It really is a shame that so many animals are threatened by loss of habitat and poaching. By this point in history, you would assume that people would know better. But what’s done is done. And when we discover that endangered species are still out there and fighting, it really is inspiring and refreshing.
In central Mexico, there is a sort of “fish” known as the Axolotl. This is ultimately a pretty ugly and unusual-looking creature, with a slimy tail, plumage-like gills and a mouth that almost curves into a smile. Its original habitat, the Xochimilco network of lakes and canals originally set up by the Aztecs hundreds of years earlier, which is in the middle of the Mexico City metropolitan area, the largest in the Western Hemisphere. As a result of this, the Axolotl is seriously under threat due to pollution, urban expansion and invasive species. Because of its ability to to regenerate severed limbs, it is extremely important to scientific research.
While some axolotls are still in aquariums, water tanks and research labs, these conditions aren’t ideal for the animals. And releasing captive-bred axolotls into the wild could potentially prove dangerous, due to a fungal infection that is fatal to the animal. The area around Xochimilco is being converted into illicit shantytowns, where sewage is dumped into the water. Scientists estimated that in 1998, there were an average of 6,000 axolotls per square kilometer in the area. This figure dropped to 1,000 in a 2003 study, and then to 100 in a 2008 study. Biologists recently built special “breeding grounds” in isolated areas of Xochimilco for the animals to breed and live without dangerous outside interference. However, recent efforts to skim Xochimilco to find axolotls proved futile, which caused many scientists to fear that the animals were extinct in the wild.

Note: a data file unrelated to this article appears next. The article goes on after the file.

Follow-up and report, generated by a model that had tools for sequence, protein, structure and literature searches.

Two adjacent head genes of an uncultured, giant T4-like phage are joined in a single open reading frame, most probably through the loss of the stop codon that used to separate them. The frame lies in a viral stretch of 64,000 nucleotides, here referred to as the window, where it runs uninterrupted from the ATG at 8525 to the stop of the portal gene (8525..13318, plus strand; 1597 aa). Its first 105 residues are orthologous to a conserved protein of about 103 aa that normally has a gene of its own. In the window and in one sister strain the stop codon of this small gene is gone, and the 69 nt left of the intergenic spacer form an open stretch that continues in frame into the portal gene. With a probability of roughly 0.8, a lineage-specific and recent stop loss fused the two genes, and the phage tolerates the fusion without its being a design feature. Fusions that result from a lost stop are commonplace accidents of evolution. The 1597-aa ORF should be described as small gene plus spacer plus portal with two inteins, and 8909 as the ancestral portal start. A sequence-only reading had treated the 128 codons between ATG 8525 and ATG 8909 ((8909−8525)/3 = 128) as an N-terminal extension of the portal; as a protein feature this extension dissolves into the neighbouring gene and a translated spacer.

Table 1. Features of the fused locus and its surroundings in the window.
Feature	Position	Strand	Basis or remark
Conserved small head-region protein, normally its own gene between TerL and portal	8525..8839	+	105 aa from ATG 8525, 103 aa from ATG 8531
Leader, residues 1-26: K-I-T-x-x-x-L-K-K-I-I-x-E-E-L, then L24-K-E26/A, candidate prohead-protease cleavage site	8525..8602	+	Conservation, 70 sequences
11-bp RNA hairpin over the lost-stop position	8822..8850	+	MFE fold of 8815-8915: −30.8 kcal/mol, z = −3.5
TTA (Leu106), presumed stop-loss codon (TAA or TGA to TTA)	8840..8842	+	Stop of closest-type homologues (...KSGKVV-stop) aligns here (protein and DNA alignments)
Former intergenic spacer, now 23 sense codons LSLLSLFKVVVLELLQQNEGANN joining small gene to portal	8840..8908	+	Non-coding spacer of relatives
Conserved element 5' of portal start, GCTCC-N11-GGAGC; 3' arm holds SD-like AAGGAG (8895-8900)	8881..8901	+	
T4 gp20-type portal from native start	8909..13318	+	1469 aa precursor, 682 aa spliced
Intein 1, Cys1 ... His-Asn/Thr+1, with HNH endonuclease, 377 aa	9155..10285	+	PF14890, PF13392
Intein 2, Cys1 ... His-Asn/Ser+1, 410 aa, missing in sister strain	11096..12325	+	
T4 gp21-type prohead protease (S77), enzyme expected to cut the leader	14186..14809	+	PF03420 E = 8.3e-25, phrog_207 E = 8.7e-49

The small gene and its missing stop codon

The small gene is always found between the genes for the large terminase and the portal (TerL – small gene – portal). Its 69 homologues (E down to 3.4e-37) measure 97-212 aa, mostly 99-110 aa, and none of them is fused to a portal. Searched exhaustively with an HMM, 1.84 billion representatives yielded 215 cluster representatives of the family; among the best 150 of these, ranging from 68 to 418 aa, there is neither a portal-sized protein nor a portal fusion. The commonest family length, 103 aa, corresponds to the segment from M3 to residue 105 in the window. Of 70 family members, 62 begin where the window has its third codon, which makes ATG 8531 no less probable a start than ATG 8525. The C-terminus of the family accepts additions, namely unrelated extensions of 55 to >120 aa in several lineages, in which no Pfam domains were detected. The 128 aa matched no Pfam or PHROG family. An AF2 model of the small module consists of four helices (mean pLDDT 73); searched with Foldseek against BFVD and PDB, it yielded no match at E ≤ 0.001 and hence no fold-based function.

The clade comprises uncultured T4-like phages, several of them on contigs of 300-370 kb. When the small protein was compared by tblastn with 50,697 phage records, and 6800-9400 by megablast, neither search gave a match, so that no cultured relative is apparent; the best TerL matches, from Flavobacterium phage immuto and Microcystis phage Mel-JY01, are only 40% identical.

However, this past week, researchers spotted several of the creatures, reaffirming that they are still alive and have a chance at recovery. This is vital for the continuation of the species in their natural habitat. Let’s keep our fingers crossed and hope for the best for the axolotl and all of the other animals across the earth that face extinction.
I’ve seen a lot of things satirizing the popular coffee chain Starbucks. When they first took the world by storm in the late 1990s, tv shows and movies were quick to make fun of them; in the second Austin Powers film, for instance, Starbucks is the legal front for the nefarious criminal enterprises of the film’s main antagonist, Dr. Evil. South Park, ever one to satirize pop culture, has taken more than one jab at the coffee chain over the years. Countless comedians from around the world haven’t shied away from lampooning Starbucks either; comedian Lewis Black, among others, has a well-known joke where he talks about the establishment.
But the most recent parody of Starbucks occurred in my home of Los Angeles. A couple of weeks ago, some enterprising humorists opened up a mysterious new coffee shop, called “Dumb Starbucks”. This Dumb Starbucks looks almost the exact same as any regular Starbucks, except that the word “dumb” is prefixed to the title and all of the menu items and products available there. Staffed by two baristas, the satirical coffee shop offered free coffee in their opening days, and lines extended through the little shopping center where Dumb Starbucks is located.
According to the baristas, it’s perfectly legal for them to use the Starbucks logo for marketing purposes, since what they’re doing is clear parody. Nonetheless, Starbucks quickly took notice, and the establishment was shut down for operating without a license. The man behind the whole prank was comedian Nathan Fielder, who hosts Comedy Central show “Nathan For You”. According to Nathan Fielding, Dumb Starbucks is an “art gallery”, and art galleries don’t need health permits to operate. Therefore, while Dumb Starbucks did indeed shut down, it had every legal right to stay open. Starbucks even claimed that they appreciated the humor of the whole situation.